To neutralize the most dangerous chemicals stockpiled by Syria in a weapons program that brought global attention to a violent civil war, the international community will rely on a massive ship currently docked in Portsmouth, Va.: the MV (motor vessel) Cape Ray, a transport and humanitarian-response vessel owned by the U.S. Maritime Administration.
The plan, announced in November by the Organization for the Prohibition of Chemical Weapons (OPCW) and agreed to by Syria, calls for President Bashar al-Assad’s regime to move Syria’s most dangerous chemical-weapons components — already mixed mustard gas in liquid form, and a precursor to sarin gas — to the port of Latakia and out of the country, onto Norwegian and Danish ships. That process is behind schedule due to fighting in Syria.
Italy has offered to host the transfer of chemical components to the Cape Ray at one of its ports, but the details have not been worked out. The OPCW has set a goal of March 31 for the destruction of these chemicals, and June 30 for all of Syria’s chemicals.
The Cape Ray is part of a reserve fleet that helps surge military equipment into war zones when needed. The Cape Ray has deployed tanks, humvees, helicopters, and other vehicles to Iraq multiple times. It conducts humanitarian response to natural disasters and has responded to Haiti’s earthquake, and hurricanes Katrina, Rita and Sandy.
It is about 650 feet long, has five decks, and will carry 35 sailors to operate the ship, plus 64 technical crew involved with the chemical destruction (a “handful” of whom will actually handle the chemicals and operate the machinery to destroy them, according to the to the top engineer), and an unknown number of U.S. military personnel.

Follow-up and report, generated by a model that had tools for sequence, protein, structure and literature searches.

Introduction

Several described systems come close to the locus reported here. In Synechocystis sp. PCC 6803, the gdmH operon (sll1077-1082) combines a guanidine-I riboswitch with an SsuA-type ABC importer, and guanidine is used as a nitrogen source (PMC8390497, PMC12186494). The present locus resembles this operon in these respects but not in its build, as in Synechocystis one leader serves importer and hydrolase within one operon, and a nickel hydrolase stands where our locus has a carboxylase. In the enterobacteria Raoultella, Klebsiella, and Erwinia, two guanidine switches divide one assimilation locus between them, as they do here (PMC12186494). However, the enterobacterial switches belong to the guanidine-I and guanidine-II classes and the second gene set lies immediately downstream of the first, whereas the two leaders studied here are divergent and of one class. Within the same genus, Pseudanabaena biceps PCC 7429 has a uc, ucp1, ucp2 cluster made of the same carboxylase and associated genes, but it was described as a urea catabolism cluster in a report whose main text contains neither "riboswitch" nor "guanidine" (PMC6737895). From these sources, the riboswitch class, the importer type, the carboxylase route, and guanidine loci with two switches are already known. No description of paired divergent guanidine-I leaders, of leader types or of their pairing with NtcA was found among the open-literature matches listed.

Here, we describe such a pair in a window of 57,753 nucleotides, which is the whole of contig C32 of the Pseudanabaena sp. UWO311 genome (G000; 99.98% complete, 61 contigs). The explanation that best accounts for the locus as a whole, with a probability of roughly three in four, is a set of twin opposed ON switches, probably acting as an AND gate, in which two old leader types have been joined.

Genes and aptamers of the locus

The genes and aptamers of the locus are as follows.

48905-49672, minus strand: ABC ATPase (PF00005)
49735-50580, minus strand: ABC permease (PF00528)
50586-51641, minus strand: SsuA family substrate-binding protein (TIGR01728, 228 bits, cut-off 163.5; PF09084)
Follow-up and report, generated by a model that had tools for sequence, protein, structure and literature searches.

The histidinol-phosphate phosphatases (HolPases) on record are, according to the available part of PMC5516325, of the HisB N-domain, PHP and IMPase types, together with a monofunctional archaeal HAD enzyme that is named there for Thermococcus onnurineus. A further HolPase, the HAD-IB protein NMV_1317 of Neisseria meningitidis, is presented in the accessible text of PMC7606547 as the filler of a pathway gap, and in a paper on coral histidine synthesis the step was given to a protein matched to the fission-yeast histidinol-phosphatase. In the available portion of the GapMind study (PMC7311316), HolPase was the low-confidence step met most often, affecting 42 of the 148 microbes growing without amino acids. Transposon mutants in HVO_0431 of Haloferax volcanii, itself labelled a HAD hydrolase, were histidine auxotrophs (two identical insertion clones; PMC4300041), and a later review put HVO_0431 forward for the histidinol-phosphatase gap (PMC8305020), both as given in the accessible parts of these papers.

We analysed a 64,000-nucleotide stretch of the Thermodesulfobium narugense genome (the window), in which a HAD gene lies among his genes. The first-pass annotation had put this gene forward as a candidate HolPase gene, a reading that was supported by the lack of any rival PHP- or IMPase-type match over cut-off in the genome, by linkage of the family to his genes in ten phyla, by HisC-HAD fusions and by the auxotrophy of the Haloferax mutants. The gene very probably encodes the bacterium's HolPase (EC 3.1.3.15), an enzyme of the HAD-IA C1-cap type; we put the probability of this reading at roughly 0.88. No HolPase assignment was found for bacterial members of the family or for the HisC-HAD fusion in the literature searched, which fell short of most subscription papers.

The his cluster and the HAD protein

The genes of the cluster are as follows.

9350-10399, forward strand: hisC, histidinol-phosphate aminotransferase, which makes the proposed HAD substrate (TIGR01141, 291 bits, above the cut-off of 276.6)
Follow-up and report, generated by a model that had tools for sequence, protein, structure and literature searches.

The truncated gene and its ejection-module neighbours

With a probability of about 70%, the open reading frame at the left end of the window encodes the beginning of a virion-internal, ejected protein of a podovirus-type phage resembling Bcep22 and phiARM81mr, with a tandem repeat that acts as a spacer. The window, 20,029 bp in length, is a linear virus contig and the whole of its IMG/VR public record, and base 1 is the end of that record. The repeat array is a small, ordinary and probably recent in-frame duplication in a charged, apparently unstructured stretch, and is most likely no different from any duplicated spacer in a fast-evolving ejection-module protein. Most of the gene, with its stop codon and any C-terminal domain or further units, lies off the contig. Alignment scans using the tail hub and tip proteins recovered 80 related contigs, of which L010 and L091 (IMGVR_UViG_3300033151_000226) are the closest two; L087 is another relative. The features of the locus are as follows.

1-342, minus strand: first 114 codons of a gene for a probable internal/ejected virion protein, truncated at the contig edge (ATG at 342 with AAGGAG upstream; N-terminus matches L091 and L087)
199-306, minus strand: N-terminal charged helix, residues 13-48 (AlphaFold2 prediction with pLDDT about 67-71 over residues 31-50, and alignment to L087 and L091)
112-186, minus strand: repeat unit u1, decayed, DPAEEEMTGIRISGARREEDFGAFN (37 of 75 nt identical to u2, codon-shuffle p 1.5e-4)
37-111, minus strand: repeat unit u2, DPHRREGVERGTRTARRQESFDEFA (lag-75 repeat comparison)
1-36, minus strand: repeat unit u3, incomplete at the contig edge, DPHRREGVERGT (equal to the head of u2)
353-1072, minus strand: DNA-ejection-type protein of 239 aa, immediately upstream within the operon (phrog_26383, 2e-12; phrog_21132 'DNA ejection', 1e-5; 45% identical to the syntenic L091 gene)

It’s currently being outfitted with two Field-Deployable Hydrolysis Systems (FDHS), which the Pentagon began procuring in February 2013, knowing it might need a way to destroy Syrian chemical-weapons components in the field. It did not expect to do so at sea, and the equipment had to be tested for vibrations, the sloshing of liquids, and other potential problems.
The two units are 20 feet by eight feet by eight feet — the size of a standard shipping container — and are being housed in the ship’s main deck in a divided white tent about 60 feet by 36 feet. They cost $5 million apiece and were paid for through Department of Defense threat-reduction contingency funds, after Congress was notified.
The technology has been around — the U.S. has destroyed its own chemical weapons using a similar process for decades — but it has never been built in such a small, transportable unit, and chemical weapons have never before been destroyed at sea, to the knowledge of Rob Malone, an environmental engineer with Department of Defense and a top engineer on this project.
“This is not new technology. This is not a high-risk thing that we are doing,” Kendall said.
Workers handling the chemicals will wear fully enclosed hazmat suits with oxygen supplied through a mask — described as “scuba suits” by Malone.
Seven hundred metric tons of Syria’s most dangerous chemical-weapons components will be loaded onto the Cape Ray and destroyed over a 90-day mission, with the two FDHS units running continuously. Syria’s chemicals will be stored on decks above and below the main deck where they’re being destroyed.
The result of this destruction will be 1.5 million gallons of hazardous waste, which a top engineer likened to Drano, that will not be usable for chemical-weapons production, but nonetheless will need to be disposed of at a waste facility of some kind. (Details of disposal have not been worked out yet.)
If a spill were to occur, it would be contained to the ship’s main deck, Malone said. The tents will be ventilated through carbon before exhaust is released from the ship, and those filters would, according to Malone, neutralize any chemical vapors in the event of a spill.